Racism is alive and well, as evidenced by news headlines from across the world. On February 26, a 17-year-old black teenager named Trayvon Martin was shot to death under uncertain circumstances in Florida, US. The killer was 28-year-old George Zimmerman, a neighborhood watch captain who initially walked free after claiming self-defense. In southern France, an attack in March on a Jewish school resulted in four deaths – three of them young children. Recently, beijingkids sat down with students from the International Academy of Beijing to talk about the complicated issues surrounding racism today.
Sarah Tang, 17, Hong Kong, has been living in Beijing for six years
Jenna Serstad, 15, US, has been living in Beijing for 11 years
Josiah Lay, 16, US, has been living in Beijing for six years
Jason Burrows, 18, US, has been living in Beijing for two years
Jeremy Lin recently made waves for being the first Chinese-American basketball player in the NBA, but he has also been the subject of racist headlines. What does this say about the state of racism?
Sarah: I don’t think it’s so much discrimination as it is stereotyping. It’s not like they’re not letting him play basketball, they just assume that all Asians come from the same background.
Jason: A big part of it is just American ignorance. If there’s anyone from China, we expect them to eat out of a rice bowl and work in rice fields. Or if you’re Indian, you must be that guy from Slumdog Millionaire. Because many Americans have such a small world view, they jump to conclusions that they’ve heard from the media.
Josiah: If I were [Jeremy Lin], I wouldn’t care. If I’m part of the stereotype, then so be it; if I’m not, then it’s [the other person’s]problem.
How does your experience of racism in your home country compare with China?
Sarah: There are terms like gweilo [a Cantonese slur for Caucasians]that were used in Hong Kong in the past and that people keep using – not because they discriminate against [Caucasians], but because it’s a habit. But other than that, Hong Kong is very international and racism isn’t a problem there.
Jenna: In China, when I say I’m from America, people always say: “Oh, so you’re really rich.” They make the assumption that money grows on trees and that it’s a beautiful paradise [in the US].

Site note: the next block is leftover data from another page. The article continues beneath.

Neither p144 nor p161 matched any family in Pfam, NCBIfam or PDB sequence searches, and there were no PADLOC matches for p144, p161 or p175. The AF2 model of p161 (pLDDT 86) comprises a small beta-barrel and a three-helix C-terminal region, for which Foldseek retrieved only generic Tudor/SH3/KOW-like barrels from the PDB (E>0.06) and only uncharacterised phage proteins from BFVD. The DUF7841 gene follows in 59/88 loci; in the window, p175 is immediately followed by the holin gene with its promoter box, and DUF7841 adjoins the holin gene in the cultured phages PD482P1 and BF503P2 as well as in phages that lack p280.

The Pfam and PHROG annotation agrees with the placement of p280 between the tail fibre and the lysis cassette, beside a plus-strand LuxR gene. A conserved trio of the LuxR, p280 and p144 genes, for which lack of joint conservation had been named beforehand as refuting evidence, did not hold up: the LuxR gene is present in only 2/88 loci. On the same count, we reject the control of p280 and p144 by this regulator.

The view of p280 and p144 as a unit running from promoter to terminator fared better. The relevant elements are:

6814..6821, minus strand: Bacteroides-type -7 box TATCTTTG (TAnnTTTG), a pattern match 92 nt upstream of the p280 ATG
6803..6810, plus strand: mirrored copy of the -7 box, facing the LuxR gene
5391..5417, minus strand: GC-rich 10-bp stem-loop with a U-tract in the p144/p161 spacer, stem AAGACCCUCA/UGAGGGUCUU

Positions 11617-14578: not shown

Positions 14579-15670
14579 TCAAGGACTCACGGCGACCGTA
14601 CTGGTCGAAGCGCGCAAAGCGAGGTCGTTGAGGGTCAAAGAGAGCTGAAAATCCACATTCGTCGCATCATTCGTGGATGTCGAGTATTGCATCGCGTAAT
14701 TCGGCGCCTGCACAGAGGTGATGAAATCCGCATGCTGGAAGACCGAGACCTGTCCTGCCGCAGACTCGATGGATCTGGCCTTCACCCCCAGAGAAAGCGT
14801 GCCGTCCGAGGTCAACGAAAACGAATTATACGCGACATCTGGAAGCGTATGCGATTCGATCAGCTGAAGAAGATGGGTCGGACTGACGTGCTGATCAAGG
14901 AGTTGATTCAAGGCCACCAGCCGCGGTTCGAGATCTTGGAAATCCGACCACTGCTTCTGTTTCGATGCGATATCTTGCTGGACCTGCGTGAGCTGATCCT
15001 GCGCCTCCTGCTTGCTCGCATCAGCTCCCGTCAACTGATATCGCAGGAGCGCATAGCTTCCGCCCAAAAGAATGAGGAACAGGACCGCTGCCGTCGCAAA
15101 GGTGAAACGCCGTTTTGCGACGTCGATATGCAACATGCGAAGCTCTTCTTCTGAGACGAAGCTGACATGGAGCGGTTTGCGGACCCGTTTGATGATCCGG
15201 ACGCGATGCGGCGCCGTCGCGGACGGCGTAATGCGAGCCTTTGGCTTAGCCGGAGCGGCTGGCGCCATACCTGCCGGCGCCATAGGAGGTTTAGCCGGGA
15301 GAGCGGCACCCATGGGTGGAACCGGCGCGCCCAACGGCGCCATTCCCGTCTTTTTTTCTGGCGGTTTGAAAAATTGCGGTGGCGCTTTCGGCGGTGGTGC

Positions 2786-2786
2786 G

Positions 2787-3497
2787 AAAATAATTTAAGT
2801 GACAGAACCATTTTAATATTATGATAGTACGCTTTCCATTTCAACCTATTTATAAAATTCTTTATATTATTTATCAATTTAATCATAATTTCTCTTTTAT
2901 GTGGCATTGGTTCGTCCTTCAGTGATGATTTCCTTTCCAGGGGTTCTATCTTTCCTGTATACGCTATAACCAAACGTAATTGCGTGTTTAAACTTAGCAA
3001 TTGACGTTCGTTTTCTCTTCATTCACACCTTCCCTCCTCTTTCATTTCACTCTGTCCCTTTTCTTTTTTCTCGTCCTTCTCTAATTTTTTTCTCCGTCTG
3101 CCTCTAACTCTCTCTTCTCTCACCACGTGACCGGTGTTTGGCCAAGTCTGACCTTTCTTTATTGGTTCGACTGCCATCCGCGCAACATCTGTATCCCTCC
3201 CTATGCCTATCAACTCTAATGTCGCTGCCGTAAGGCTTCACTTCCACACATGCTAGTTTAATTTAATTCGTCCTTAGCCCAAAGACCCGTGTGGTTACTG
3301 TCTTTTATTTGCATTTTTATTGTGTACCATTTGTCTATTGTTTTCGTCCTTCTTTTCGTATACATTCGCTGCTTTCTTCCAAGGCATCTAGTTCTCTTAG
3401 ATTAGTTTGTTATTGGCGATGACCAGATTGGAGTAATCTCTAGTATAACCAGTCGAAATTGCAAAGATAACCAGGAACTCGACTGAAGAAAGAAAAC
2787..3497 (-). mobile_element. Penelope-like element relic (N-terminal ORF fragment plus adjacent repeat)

Jason: In the States, it’s such a hodge-podge of different people. I lived in Arkansas; my high school was half black, half white. They mixed well because they’d been together so long. [China is] just starting to get that interaction between the races and there’s a lot of that stuff that we don’t like talking about.
Josiah: There’s a huge Asian community in Houston – at least at my church – and I didn’t experience much racism there. Because I’m Asian, I don’t experience much discrimination at all here. The only difference is that I speak Mandarin with people, whereas in the States I’d speak English with my Asian friends.
How do you feel about affirmative action?
Sarah: I think when [affirmative action]first started, the point was to help minorities move towards the middle or upper class. But now, because the US has developed to a point where everyone is equal, I don’t think it’s necessary anymore.
Jason: I’ve heard of a lot of situations in the States where [the school]tries to fill a quota to get a diverse campus. I do think it’s a good idea because you don’t want all the white people in one school and all the minorities in another school, but there needs to be a very delicate balance between letting people in and not just getting to a point of “Let’s just get these people in no matter what.”
Jenna: I wouldn’t be OK with [benefiting from affirmative action]. I would want to know that I was chosen for having good grades and working hard; otherwise, I would feel like I was cheating.
Josiah: I would agree. Entrance to a college by merit is much more satisfying. If I was accepted to Harvard based on affirmative action, I wouldn’t say no, but I wouldn’t feel good about it in the short run.
Should people be blind to race in situations like an international work setting?
Jenna: I think it’s good to be color blind, unless you’re working in a big group. You might want to put the same races together to reduce language barriers.
Sarah: People who come to China would probably expect to work with other races. Though it’s great to be able to look past color, different cultures have a different way of working. Chinese people see the goal, whereas [Americans] care about the process. Though it might be rough, there are good things you can learn from each other.
Josiah: Having different cultures could be an advantage or a disadvantage depending on what the company is trying to accomplish. If you were in game design, it would be nice to have different ideas because [the product]doesn’t have to conform to anything specific.
Jason: I met a really cool Indian guy once. If you forget the fact that he’s Indian and just converse with him, then it really opens up a lot more doors.